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CU opponent five questions: Injuries take toll on UCLA’s defense

Clark
Clark

At one point this season, the UCLA Bruins were ranked seventh in the country.

In recent weeks, however, the Bruins have lost two games and their most dynamic player to a season-ending injury. They did take care of business against California last week, proving they still have the ability to rise up and play well.

This week, Buffzone.com caught up with Jack Wang, who covers UCLA for the Los Angeles Daily News, to get his take on the Bruins, who host Colorado on Saturday.

Buffzone: After consecutive losses, UCLA got a great win against Cal last week. Is there a sense that the Bruins are back on track, or are there some bigger issues they are still working through?

Wang: UCLA is definitely still a flawed team, albeit one that should benefit from what is — on paper, at least — the weakest part of its Pac-12 schedule. Winning four of its last five games is certainly within reach, and getting a win against Cal was necessary to keep the team from a potential downward spiral. Still, I think the Bears’ defense was waiting to be exposed after relying so heavily on takeaways through the first half of the season. Most of the Bruins’ question marks are on defense right now, which is unsurprising given that they lost three defensive starters in the first three weeks. That the secondary was able to play as well as it did was encouraging, however, especially against a quarterback like Jared Goff.

Buffzone: Josh Rosen has had a really nice freshman season to this point, but how have UCLA opponents found their most success against him?

Wang: Josh Rosen has done more than just about anybody could have asked of an 18-year-old starter, but he’s obviously still prone to freshman mistakes. He didn’t turn the ball over against Cal, but had a few throws that could have turned into interceptions. While he’s clearly cut down on those types of errors since the start of the season, there are still times where he misses a defender waiting to jump a route. The key for Colorado will be to take advantage of those moments, and to pressure Rosen in ways that he hasn’t yet seen.

Buffzone: How did the loss of Myles Jack impact the defense, and do you think they’ve adjusted at this point?

Wang: Losing Jack was by far the biggest blow that UCLA has taken this season. The junior is obviously talented, but it’s his versatility that makes him so difficult to replace. He was a linebacker first and foremost, yet also had the ability to play safety or match up one-on-one with receivers. That allowed the Bruins to adjust their defense without making substitutions, which was particularly useful against the Pac-12’s many up-tempo offenses. The “next man up” philosophy is very difficult to apply in this case. It helps that senior linebacker Aaron Wallace is playing the best football of his career, and now leads the team with four sacks, but it isn’t really feasible for UCLA to completely fill the void.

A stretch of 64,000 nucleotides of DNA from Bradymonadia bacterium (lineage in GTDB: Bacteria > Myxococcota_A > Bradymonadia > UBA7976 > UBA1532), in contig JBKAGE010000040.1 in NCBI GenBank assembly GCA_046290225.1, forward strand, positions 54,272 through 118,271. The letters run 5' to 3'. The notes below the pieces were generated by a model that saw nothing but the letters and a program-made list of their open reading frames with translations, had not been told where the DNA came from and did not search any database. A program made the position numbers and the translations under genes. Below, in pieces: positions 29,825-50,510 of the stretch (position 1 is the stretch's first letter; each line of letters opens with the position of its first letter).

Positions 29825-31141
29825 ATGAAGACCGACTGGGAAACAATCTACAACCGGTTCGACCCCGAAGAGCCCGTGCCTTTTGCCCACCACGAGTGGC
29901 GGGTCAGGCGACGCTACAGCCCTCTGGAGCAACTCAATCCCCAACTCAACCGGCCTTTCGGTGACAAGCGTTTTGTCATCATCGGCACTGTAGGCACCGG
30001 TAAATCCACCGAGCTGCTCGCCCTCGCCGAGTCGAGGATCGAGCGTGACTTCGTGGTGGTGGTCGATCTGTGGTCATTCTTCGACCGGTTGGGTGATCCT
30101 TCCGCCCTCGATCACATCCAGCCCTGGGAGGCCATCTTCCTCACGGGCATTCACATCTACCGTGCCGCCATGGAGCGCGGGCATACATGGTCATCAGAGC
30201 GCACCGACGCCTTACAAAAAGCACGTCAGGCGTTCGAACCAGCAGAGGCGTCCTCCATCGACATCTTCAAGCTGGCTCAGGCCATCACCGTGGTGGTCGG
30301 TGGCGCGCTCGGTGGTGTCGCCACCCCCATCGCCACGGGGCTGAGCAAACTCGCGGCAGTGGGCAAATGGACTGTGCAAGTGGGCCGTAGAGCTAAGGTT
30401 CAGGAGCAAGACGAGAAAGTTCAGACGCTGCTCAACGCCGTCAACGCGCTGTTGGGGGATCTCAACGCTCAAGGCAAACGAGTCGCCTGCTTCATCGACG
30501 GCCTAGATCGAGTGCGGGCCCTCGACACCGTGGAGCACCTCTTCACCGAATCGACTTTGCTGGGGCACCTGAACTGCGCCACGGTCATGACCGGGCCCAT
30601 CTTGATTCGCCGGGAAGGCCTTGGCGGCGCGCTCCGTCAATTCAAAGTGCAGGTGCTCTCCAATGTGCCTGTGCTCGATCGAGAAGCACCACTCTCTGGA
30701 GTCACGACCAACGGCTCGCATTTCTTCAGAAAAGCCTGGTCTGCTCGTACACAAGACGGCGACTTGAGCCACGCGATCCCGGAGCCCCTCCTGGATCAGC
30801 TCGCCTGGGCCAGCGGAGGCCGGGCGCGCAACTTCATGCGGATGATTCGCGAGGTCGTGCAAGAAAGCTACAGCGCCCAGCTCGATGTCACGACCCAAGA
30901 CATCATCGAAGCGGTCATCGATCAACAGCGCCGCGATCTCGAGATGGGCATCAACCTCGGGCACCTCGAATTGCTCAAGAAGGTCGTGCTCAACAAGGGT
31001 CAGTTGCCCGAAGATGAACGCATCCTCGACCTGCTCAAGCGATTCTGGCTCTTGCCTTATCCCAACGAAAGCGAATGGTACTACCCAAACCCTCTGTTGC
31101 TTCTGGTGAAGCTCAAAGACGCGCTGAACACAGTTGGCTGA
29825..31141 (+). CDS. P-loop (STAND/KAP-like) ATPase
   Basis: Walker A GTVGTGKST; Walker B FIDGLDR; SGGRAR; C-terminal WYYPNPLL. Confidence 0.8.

Buffzone: The numbers suggest that UCLA is not very good against the run. How much of that was simply struggling against two teams (Arizona and Stanford), or is there a genuine concern over the Bruins’ ability to stop the run?

Wang: There’s genuine concern. Nose tackle Kenny Clark is a star, but he’s just one guy; even if he commands a constant double-team, opponents can still draw up runs away from the part of the field he occupies. Not having Jack or defensive lineman Eddie Vanderdoes has made run-stopping very difficult on the Bruins.

Buffzone: How healthy are the Bruins, and in particular running back Paul Perkins, receiver Devin Fuller and linebacker Isaako Savaiinaea, as they go into this week?

Wang: Jim Mora said he expects Paul Perkins (knee) and backup running back Nate Starks (concussion) are “on track” to play this weekend, but was less sure about Devin Fuller (head). I’d expect UCLA to be very conservative with all three of those players. The team would ideally like to have all three of them at full health when it closes the regular season at Utah and USC, and the Bruins’ offense has enough weapons elsewhere to get by on the freshman backfield tandem of Soso Jamabo and Bolu Olorunfunmi. Savaiinaea’s absence is less easy to fill. He has a good nose for the ball, and quickly became the team’s leading tackler after moving into the starting lineup post-Myles Jack.

Brian Howell: howellb@dailycamera.com, on Twitter: @BrianHowell33.

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